CDI Week 2021 Q&A: Serving your customers (physician engagement)

CDI Blog - Volume 14, Issue 38

As part of the eleventh annual Clinical Documentation Integrity Week, ACDIS conducted a series of interviews with CDI professionals on a variety of emerging industry topics. Rebecca Truett, RN, MSN, MBA, CCDS, CDI specialist at Novant Health in Winston Salem, North Carolina, answered these questions. She is a member of the ACDIS Leadership Council and of the 2021 ACDIS Furthering Education Committee. For questions about the committee or the Q&A, contact ACDIS Editor Carolyn Riel (

Q: Can you describe the engagement and collaboration of the medical staff at your organization in CDI?

A: Physician engagement at Novant Health remains strong. We believe this directly results from leadership's recognition of our CDI program's positive impact on the organization and patient outcomes. Physician documentation is the only method available to accurately capture the actual severity of illness and risk of mortality of patients. Consequently, physicians recognize that CDI programs are by design focused on ensuring the integrity and reliability of clinical documentation to accurately reflect the quality of care provided.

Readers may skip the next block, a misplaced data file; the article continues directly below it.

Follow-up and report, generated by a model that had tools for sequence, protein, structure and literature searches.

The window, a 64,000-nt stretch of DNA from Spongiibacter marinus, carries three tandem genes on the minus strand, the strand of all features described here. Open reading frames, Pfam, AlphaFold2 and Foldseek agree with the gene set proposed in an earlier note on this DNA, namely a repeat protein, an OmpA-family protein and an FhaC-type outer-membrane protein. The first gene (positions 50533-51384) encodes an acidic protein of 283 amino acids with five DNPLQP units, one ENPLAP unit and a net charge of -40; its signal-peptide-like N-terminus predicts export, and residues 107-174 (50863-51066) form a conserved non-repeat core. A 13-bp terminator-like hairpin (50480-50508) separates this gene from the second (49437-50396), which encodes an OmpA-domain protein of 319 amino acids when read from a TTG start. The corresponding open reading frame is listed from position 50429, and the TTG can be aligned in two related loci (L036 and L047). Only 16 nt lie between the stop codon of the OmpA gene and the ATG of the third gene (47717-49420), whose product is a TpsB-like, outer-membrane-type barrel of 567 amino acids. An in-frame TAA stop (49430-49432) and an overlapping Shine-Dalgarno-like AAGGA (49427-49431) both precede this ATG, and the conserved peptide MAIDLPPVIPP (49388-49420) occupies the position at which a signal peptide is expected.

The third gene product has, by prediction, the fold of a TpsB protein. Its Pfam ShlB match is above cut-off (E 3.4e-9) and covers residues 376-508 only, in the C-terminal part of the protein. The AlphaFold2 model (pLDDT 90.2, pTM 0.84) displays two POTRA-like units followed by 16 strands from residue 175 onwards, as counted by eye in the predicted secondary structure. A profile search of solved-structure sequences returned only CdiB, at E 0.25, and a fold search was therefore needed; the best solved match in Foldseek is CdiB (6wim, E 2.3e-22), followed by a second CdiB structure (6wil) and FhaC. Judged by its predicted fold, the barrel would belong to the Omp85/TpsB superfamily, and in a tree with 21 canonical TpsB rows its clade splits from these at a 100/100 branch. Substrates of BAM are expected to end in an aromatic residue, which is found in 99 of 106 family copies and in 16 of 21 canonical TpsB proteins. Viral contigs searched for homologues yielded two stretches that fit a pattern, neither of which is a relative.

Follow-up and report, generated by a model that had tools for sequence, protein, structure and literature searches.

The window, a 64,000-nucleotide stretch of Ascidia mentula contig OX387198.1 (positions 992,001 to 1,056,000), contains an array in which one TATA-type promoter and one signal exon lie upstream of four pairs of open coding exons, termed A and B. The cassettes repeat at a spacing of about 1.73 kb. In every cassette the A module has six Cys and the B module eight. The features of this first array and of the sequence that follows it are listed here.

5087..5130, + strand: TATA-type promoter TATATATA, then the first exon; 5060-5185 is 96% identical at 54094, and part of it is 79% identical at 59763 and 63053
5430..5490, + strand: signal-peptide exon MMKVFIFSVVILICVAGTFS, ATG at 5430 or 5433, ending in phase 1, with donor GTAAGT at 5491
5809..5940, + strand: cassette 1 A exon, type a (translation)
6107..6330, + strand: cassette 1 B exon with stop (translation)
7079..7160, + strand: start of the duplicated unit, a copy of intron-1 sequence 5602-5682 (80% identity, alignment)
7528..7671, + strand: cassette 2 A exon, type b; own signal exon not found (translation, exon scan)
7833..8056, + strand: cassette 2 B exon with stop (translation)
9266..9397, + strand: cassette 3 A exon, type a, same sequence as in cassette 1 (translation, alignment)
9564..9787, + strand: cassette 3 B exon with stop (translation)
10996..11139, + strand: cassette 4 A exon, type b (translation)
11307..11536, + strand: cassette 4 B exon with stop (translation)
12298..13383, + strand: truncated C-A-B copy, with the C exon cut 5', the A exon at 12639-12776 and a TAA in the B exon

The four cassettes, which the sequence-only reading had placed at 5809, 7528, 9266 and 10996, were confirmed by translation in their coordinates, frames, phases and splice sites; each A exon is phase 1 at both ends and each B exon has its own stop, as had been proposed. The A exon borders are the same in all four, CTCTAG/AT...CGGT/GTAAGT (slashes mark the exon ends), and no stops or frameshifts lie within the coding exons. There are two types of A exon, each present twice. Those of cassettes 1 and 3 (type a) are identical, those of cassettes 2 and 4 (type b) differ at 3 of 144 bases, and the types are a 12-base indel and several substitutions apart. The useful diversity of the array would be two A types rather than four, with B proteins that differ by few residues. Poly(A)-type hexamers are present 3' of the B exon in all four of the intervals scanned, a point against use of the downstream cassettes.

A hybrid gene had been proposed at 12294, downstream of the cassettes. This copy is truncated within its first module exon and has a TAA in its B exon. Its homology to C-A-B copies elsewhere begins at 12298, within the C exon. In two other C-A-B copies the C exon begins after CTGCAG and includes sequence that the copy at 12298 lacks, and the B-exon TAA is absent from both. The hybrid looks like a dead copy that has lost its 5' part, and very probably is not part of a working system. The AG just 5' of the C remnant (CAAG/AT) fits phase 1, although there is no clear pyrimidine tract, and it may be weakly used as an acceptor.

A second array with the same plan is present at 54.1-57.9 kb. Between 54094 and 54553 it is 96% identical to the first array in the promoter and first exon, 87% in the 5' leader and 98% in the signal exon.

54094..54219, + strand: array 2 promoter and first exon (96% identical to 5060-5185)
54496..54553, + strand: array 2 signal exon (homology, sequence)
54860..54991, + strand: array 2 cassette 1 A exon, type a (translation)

Physician relationships are indispensable to the CDI program. Physician education must include CDI program fundamentals and the physician’s role to support the program's success. At Novant Health, there is significant buy-in from our physician advisor, who encourages other physicians to be responsive to the program. The focus on physician engagement and collaboration is vital because clinical documentation is the lifeline to coding, determining reimbursement, and reporting quality measures.

Regardless of specialty, physicians seek to diagnose and treat their patients accurately. Physicians collaborate with other physicians and ancillary staff to provide the best level of care. Finding ways to engage physicians and making them part of the CDI program will foster a team atmosphere and promote a successful CDI program.

Q: The percentage of respondents with “highly engaged” medical staff decreased from 20% to 14% year-over-year, according to CDI Week Industry Survey data. What do you think are the reasons physician engagement declined this year, when otherwise we’ve generally seen an increase year over year?

A: The year 2020 challenged all aspects of healthcare in this country. I am proud to say that Novant Health’s team members at every level worked together and gave of themselves in such a way that our organization is still growing and providing safe, quality care in all our communities. Medical staff understandably found themselves pulled in new and different directions during the COVID-19 pandemic.